Speed in/of Games

23:53 Tue 06 Mar 2007
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I showed Seth how to play Set last week. He didn’t have much interest in it, and this made me curious as to why I liked it so much immediately whereas he just didn’t get into it.

We talked about it for a while, and the key seems to be speed. In going through other games, we noted that I seemed to like games involving a lot of speed—Spit, for example. Hand speed is important there, but so is speed of thought, and that appeals to some part of me. Even in FPSes, we had that difference: Seth likes to play games like Unreal Tournament, where the pace is slower and sniping is more profitable, whereas Q3A/CPMA is absolutely my favorite: a crazily fast FPS involving constant movement and high-speed action.

This even extends to some of our tendencies in computer use. Seth has for years tended to automate any tedious task. I, on the other hand, like to automate also but am also likely to simply learn the requisite keystrokes and how to repeat them very quickly. (I consider the automation approach to be clearly superior; it’s just that my first impulse is to just try to do the task quickly rather than to figure out how to automate it.)

When we played Set, Seth was mildly interested at first, and mildly intrigued by learning how to make sets, but once he figured that out, he didn’t have much further interest. My own experience with the game was similar, except that once I learned how to make them, my thought was “okay, how do I do that faster?”.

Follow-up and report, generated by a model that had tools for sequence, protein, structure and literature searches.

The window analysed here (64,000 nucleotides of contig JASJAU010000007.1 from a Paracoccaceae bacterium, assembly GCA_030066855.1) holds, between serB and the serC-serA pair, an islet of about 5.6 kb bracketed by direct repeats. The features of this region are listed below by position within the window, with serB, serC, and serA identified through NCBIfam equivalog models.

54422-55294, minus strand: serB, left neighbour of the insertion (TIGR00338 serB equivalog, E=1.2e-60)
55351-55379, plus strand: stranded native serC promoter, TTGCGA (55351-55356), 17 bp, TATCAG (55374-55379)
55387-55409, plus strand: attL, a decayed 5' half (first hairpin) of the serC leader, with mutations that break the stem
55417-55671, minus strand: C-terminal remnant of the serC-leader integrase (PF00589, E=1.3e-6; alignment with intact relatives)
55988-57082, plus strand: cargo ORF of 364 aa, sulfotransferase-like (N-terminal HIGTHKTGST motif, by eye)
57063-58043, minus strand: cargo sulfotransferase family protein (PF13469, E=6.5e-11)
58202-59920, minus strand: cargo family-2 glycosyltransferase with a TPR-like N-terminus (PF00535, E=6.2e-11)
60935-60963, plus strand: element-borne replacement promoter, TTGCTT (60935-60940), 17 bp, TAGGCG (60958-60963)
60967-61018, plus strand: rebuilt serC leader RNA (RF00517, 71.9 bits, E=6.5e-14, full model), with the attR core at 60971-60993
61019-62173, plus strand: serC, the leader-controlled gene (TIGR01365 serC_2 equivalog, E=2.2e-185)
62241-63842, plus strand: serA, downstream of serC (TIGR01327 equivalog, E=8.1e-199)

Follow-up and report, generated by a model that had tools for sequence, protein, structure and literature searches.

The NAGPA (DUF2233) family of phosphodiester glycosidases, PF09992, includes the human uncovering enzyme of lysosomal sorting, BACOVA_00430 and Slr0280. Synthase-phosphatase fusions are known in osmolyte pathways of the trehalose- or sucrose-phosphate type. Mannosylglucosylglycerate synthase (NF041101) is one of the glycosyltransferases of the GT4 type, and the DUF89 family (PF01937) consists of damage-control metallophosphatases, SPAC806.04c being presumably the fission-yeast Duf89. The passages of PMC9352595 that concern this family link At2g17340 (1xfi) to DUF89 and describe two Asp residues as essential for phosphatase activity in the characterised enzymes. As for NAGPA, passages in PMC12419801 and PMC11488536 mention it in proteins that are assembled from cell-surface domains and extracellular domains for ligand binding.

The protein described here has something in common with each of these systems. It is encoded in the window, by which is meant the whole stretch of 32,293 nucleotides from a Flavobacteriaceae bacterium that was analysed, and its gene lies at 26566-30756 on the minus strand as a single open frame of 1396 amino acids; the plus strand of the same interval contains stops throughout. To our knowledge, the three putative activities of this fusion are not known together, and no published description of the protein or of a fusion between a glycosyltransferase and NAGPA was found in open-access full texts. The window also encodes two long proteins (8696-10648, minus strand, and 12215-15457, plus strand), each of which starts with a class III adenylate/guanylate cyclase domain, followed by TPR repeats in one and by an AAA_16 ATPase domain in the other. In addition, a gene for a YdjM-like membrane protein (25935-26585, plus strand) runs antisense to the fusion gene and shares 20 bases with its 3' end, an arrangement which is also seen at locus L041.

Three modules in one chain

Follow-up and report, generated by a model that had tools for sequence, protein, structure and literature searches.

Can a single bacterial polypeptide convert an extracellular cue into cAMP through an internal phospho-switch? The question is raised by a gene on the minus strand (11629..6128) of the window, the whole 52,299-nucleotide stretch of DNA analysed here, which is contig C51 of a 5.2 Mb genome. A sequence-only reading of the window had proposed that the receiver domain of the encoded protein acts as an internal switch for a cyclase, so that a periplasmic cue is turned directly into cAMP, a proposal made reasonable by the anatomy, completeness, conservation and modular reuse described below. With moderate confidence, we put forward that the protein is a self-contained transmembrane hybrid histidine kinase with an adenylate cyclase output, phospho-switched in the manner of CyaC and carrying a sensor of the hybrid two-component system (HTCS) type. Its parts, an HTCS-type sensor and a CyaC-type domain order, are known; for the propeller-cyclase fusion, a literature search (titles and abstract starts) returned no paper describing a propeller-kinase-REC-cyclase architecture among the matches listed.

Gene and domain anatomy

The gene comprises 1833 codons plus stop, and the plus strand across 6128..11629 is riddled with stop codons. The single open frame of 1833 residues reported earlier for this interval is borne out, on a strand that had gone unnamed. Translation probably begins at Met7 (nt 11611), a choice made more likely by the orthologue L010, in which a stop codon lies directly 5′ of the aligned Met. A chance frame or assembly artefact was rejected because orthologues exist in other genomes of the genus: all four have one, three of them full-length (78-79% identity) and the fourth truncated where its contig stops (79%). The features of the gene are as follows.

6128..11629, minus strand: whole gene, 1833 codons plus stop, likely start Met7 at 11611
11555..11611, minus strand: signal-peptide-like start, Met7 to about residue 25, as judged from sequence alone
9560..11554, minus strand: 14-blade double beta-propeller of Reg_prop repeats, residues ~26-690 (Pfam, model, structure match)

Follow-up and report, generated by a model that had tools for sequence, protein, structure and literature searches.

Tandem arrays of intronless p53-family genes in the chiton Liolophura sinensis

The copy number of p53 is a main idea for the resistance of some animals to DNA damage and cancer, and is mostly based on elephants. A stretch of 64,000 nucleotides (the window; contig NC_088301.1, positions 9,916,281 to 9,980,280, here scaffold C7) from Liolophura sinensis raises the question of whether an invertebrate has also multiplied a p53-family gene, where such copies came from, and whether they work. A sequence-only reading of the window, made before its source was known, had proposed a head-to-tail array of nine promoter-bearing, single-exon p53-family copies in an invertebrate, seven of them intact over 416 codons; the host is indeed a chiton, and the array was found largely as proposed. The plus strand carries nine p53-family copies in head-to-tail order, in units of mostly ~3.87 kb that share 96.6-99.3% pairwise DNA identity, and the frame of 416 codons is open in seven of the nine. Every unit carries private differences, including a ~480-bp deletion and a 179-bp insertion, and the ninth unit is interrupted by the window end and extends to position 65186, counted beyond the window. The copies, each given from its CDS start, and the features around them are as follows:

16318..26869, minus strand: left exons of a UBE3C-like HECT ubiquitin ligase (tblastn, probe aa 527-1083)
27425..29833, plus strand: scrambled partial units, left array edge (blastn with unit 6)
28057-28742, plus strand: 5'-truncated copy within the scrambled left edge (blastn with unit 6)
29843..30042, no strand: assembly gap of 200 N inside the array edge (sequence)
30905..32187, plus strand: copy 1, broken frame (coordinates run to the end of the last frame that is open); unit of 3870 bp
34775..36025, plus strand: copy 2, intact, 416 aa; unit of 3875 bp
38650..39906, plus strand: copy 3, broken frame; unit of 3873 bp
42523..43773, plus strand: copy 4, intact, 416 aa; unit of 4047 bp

In my early days as a Web Developer, I would sometimes make the work more interesting to myself by trying to do it as quickly as possible.

Some of this is clearly the “Type A” aspect of my personality coming through. That’s not all of it, though. There’s also a part of me that revels in the agility/virtuosity involved (mental as well as physical). That was (and is) strongly the case with Q3A/CPMA, where I absolutely loved being able to express skill/focus in the game through high-speed/high-intensity action (and I wasn’t even that good, but the skill depth of the game rewards even modest improvement in terms of being able to do things that seem crazy to a beginner).

So I don’t think it’s just a “Type A” thing, an efficiency thing. There’s something else there, some aesthetic factor regarding speed of thought, how impressive it is, and how much fun it is to exercise it.

Sadly, thus far I haven’t been able to engage that drive with MTG. Speed of thought isn’t explicitly rewarded in that game, although it is nevertheless a major advantage. I need to use my game clocks more, and play versions that do explicitly reward speed of thought, in order to improve my skills there (and perhaps to get me to play it more, as I’m not playing it much these days at all).

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